240ml basil-is-the-bomb sauce (see recipe, left) Optional boosters: 1 avocado, stoned, peeled and sliced So good! Soured cream (see recipe, left) 40g pea shoots 1 Heat the oil in a large saucepan over a medium-low heat and sauté the garlic, onion, celery, carrot and ½ teaspoon of the salt for about 5 minutes until the vegetables start to soften slightly. 2 Stir in the lentils, thyme, pepper and stock. Increase the heat to medium-high, bring the mixture to a lively simmer (not a full boil) and cook for about 5 minutes. 3 Reduce the heat to medium-low, cover, add the remaining ½ teaspoon of salt and simmer for about 20 minutes, until the lentils and vegetables are tender but not mushy. Add salt to taste. 4 Ladle the soup into bowls and add about ¼ teaspoon of lemon juice to each serving. Drizzle 1 tablespoon of the basil sauce over the top of each bowl and serve with a few of the avocado slices, a dollop of the soured cream and some of the pea shoots. Pass the remaining basil sauce and more lemon juice around the table. n Per serving 452 cals, fat 23.6, sat fat 3g, carbs 47g, sugars 4.4g, protein 16.5g, salt 1.3g, fibre 8.6g

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25/01/2017 21:49

Cauliflower mac ‘n’ cheeze

Cauliflower mac ‘n’ cheeze This healthy homage to a family fave tastes like it’s swimming in mature Cheddar. For kids, omit the mushrooms and herbs. For grown-ups, max out the flavour with the cayenne, chives and salad onion boosters. Mac ‘n’ cheeze just got interesting! Serves 4 | Prep 20 mins | Cook 20 mins 454g gluten-free elbow macaroni 6 tbsp extra-virgin olive oil sea salt 220g shiitake or chestnut mushrooms, diced 1 tbsp gluten-free soy sauce or tamari 1 tbsp finely chopped fresh thyme 150g onion, diced 1 tbsp finely chopped garlic (about 3 cloves) 4 tbsp vegetable stock 2 tbsp fresh lemon juice 140g raw unsalted cashews, soaked (see note, right) 140g cauliflower florets, steamed 44g nutritional yeast flakes, plus extra to taste 1 tbsp white miso paste 1/8 tsp ground turmeric 2 tbsp finely chopped flat-leaf parsley, plus extra to taste freshly ground black pepper Optional boosters: 1/8 tsp cayenne pepper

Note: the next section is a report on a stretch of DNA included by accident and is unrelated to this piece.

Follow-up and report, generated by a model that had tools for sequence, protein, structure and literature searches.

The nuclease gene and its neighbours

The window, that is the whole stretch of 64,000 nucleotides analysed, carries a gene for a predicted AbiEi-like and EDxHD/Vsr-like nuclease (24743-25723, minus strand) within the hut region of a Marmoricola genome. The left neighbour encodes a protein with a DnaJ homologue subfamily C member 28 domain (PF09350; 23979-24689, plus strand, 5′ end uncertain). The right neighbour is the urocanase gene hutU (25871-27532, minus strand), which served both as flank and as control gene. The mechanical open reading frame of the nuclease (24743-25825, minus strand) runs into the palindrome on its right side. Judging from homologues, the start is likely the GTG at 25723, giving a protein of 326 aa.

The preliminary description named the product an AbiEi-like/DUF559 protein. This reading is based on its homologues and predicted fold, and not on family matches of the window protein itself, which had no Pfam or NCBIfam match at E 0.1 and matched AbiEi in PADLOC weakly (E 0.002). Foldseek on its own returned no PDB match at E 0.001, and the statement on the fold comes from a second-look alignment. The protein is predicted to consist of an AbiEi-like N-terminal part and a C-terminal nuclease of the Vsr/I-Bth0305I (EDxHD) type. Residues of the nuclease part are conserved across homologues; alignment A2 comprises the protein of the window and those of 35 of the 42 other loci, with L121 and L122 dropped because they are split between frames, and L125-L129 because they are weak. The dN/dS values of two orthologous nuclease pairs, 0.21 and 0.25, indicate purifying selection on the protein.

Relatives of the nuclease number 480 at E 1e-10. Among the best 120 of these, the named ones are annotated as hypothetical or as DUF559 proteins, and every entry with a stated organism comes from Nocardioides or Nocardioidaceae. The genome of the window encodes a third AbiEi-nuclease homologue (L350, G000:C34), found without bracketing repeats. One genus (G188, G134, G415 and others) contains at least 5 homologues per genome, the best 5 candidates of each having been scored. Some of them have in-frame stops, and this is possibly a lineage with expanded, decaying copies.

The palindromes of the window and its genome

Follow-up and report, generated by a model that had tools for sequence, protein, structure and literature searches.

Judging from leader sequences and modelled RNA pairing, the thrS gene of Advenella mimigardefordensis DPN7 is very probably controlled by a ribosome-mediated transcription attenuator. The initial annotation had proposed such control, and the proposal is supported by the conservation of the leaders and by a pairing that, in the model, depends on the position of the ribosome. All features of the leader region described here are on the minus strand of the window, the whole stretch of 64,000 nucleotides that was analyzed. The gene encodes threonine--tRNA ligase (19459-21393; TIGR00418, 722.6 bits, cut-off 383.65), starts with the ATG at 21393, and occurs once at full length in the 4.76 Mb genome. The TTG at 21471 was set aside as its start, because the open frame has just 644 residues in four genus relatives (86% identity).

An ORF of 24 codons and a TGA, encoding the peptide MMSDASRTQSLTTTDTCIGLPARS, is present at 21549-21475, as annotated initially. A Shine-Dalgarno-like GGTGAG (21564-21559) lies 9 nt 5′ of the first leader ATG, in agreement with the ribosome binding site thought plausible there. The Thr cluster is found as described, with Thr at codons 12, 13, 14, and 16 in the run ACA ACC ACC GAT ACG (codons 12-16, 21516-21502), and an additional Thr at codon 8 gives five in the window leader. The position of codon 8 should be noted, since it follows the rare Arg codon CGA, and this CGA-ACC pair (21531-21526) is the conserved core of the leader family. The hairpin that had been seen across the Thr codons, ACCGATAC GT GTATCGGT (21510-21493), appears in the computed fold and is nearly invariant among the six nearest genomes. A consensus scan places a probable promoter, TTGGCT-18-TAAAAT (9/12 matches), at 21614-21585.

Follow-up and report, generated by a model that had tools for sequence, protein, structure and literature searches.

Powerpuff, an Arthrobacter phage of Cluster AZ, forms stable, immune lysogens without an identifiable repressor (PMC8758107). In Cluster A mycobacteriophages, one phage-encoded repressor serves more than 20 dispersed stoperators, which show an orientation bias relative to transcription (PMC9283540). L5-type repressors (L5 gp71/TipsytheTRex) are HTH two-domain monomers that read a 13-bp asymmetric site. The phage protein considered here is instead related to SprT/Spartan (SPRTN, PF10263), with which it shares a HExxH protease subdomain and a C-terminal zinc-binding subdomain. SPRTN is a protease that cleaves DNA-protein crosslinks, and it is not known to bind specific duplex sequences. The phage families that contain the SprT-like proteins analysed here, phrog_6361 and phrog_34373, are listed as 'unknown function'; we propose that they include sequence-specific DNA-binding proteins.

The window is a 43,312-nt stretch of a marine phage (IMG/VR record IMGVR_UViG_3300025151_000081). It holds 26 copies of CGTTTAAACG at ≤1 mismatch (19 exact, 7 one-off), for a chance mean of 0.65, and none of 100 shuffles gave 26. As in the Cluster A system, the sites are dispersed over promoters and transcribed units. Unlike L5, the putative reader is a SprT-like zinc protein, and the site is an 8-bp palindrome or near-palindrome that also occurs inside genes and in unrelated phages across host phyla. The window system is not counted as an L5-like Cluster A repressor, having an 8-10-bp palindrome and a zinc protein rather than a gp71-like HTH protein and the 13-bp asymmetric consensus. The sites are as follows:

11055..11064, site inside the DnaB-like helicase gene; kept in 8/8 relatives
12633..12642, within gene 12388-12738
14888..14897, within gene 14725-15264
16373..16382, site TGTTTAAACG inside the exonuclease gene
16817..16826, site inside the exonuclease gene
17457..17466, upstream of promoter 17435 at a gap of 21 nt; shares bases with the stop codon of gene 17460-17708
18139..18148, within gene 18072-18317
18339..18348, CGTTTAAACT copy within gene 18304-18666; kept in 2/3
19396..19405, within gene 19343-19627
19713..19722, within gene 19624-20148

2 tbsp finely chopped chives, plus extra to taste 2 tbsp finely chopped salad onion (green parts only), plus extra to taste 1 Bring a large pot of water to the boil with 1 tablespoon of the olive oil and a pinch of salt. Cook the pasta according to the instructions on the packet until al dente, and drain thoroughly. 2 While the pasta is cooking, in a large frying pan over a medium heat, warm 3 tablespoons of the olive oil and sauté the mushrooms with the soy sauce and thyme for about 5 minutes, until the mushrooms are tender. Transfer to a large bowl. 3 In the same frying pan, heat 1 tablespoon of olive oil over a medium heat and gently sauté the onion and garlic for about 5 minutes, until soft and translucent. Allow to cool slightly. 4 To make the sauce, throw the onion mixture, 1½ teaspoons of salt, the stock, lemon juice, cashews, cauliflower, nutritional yeast, miso paste, turmeric and the cayenne pepper booster into your blender and blast on high for 30–60 seconds, until smooth and creamy. 5 Transfer the pasta to a large pot, and stir in the remaining tablespoon of olive oil. Stir the sauce into the pasta along with the mushrooms and gently warm over a

low heat. Stir in the parsley and the chive and salad onion boosters. Tweak the salt, nutritional yeast, parsley, chives and salad onion to taste, and season with black pepper. n Per serving 913 cals, fat 35.6g, sat fat 5.5 g, carbs 117.1g, sugars 11.1g, protein 40.6g, salt 3.2g, fibre 16g